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Aaron Schneider: Designing Immortal Costumes with Mortal Hands.

Costume Nefertari by Aaron Schneider for Entice Carnival. Photo by Gary Jordan Studios, Model Lisa See Tai

Paramin is a small village just north of Port of Spain that still carries a huge section of our Traditional Carnival. In addition to being a food basket for the country, it’s one of the ancestral homes of Blue Devils or Blue Jab, and Parang.

Paramin is so ingrained into his style as a designer that he said, “I paint, and each time I sit at a canvas to attempt a painting, no matter what I tell myself it always ends up being a portrait of a Blue Devil.” He gives community credit for shaping his mind into what gives birth to a perfect mixture of old mas and new mas to the road. “Growing up in Paramin and witnessing the organic formation of these characters made it difficult for me to understand the meaning of new mas, the layer that is the costume,” he mused, “this is because these devils wear no fancy dress bon vivants, they mad mas with their bodies and their character. This concept breathes life into a part of my design persona as I approach each design to give every person who wears my costumes a character to portray, that is true to their very primal selves and bodies.”

It’s not surprising then, that Aaron Schneider has become one of the masters in mas today. An artist, actor, and all around riot on Facebook, he is most humble about his designing career than anything else. He entered the industry in 1999 for Nottinghill Carnival and has been a staple of the local scene as a designer and feather worker since the year 2001.

Further inspired by and taught the design process by the greats such as Peter Minshall and Wayne Berkeley, Aaron’s point of view as a designer is turning each masquerader into a living interpretation of an idea. “My point of view keeps changing, so it’s difficult to pinpoint it down as any one set of values,” he said, “Currently my point of view to attempt to find my beauty in the revelation of the organic pattern the work creates, I let the materials be my guide.”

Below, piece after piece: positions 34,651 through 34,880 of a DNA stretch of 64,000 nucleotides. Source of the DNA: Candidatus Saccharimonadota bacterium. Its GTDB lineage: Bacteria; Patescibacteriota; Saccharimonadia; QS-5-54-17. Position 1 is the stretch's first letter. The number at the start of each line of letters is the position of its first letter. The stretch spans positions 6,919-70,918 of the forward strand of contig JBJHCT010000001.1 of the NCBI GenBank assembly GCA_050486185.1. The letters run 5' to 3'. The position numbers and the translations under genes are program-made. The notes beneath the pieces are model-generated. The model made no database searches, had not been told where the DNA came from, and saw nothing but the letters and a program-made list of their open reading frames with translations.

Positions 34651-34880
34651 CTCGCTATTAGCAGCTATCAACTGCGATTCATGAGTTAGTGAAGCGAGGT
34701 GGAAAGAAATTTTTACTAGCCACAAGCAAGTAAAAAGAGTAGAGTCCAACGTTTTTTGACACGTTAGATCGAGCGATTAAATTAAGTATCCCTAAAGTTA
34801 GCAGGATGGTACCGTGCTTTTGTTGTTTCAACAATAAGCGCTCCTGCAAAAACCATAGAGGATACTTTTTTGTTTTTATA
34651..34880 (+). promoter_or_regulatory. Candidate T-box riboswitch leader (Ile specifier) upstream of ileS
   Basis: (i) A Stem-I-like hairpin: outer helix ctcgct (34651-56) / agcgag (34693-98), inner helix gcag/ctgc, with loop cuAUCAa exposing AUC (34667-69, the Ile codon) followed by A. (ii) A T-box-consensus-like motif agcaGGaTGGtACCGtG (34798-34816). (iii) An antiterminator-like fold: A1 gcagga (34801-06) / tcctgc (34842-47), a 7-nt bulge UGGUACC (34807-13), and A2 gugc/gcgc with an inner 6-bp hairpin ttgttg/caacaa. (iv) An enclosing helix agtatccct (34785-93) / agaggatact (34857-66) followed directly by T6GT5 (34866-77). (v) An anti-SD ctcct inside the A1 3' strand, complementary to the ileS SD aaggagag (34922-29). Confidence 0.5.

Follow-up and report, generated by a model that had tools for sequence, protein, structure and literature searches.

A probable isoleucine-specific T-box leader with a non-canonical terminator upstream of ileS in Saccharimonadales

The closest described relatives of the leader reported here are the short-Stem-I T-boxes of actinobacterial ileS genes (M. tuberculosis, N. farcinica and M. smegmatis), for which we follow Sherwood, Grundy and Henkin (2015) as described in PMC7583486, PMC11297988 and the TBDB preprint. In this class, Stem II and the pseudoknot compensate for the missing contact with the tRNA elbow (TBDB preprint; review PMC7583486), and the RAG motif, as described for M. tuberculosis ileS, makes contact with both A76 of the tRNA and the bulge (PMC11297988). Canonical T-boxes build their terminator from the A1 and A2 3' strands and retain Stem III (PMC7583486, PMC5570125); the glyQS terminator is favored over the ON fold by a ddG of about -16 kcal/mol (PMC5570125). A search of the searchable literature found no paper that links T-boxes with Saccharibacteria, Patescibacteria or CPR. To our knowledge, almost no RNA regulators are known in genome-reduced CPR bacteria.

The thing about Aaron’s work is his gift with feathers, we asked him where he learned the delicate skill, “I don’t know that I ever learned feather work,” he said, “There are so many wonderful examples of their use in the bird kingdom that I feel what I do is more of a copy of what I see in the world than an actual skill.” He went to say, “However, I remember some advice I got from Berkeley ‘No matter what bunch of features you are using, pretend you are God and you must make a creature out of those feathers, they must look natural as if they grew to be that way and not placed by your hand’”

This advice seems to have developed Schneider’s signature style, especially when it comes to his feather work. He “ghost” designs for some major players in the industry, but it’s his gift with feathering back packs and body work you can identify his touch on any costume he does.

His process begins with understanding the words that he will use to describe his work, “Always words, descriptions, quotes, poems, usually powerful words that are free to a visual description of what I am to attempt”, he remarked about his design process, “I used these words to get the inspiration to make something immortal in mas with my mortal hands.”

Photography by Gary Jordan Studios, model Lisa See Tai for Entice Carnival. Costume Nefertari.

Photography by Gary Jordan Studios, model/ section leader Shannon Hutchinson. Zenobia for Entice Carnival, Designers Aaron Schneider and Humzee.

Aaron’s work this year can be seen in Fantasy and Entice Carnival, with his section entitle Nefertari being a prime example of his design aesthetic. It is bridge between the then of old mas being a Queen with an identifiable crown and adorning jewels, and the now with a sexy female silhouette in both the front and backlines that will give any woman the Goddess/Queen confidence to portray the theme of iconic and powerful women. He also co-designed Zenobia with Humzee, which has been giving me She-Ra does carnival life!I always ask my subjects what advice they would give any new comer to the industry who may be reading this, to which Aaron offered,

“Practice on your sketching skills, invest in some good quality markers and practice with the raw materials. Don’t get caught up in the hype of what everyone else is doing, just stay true to your point of view and smile a lot.”

Head over to his social media for more about his work, and some of his hilarious social commentary @aaron.f.schneider.

Thank you for reading and I’ll catch you next week!

Ian

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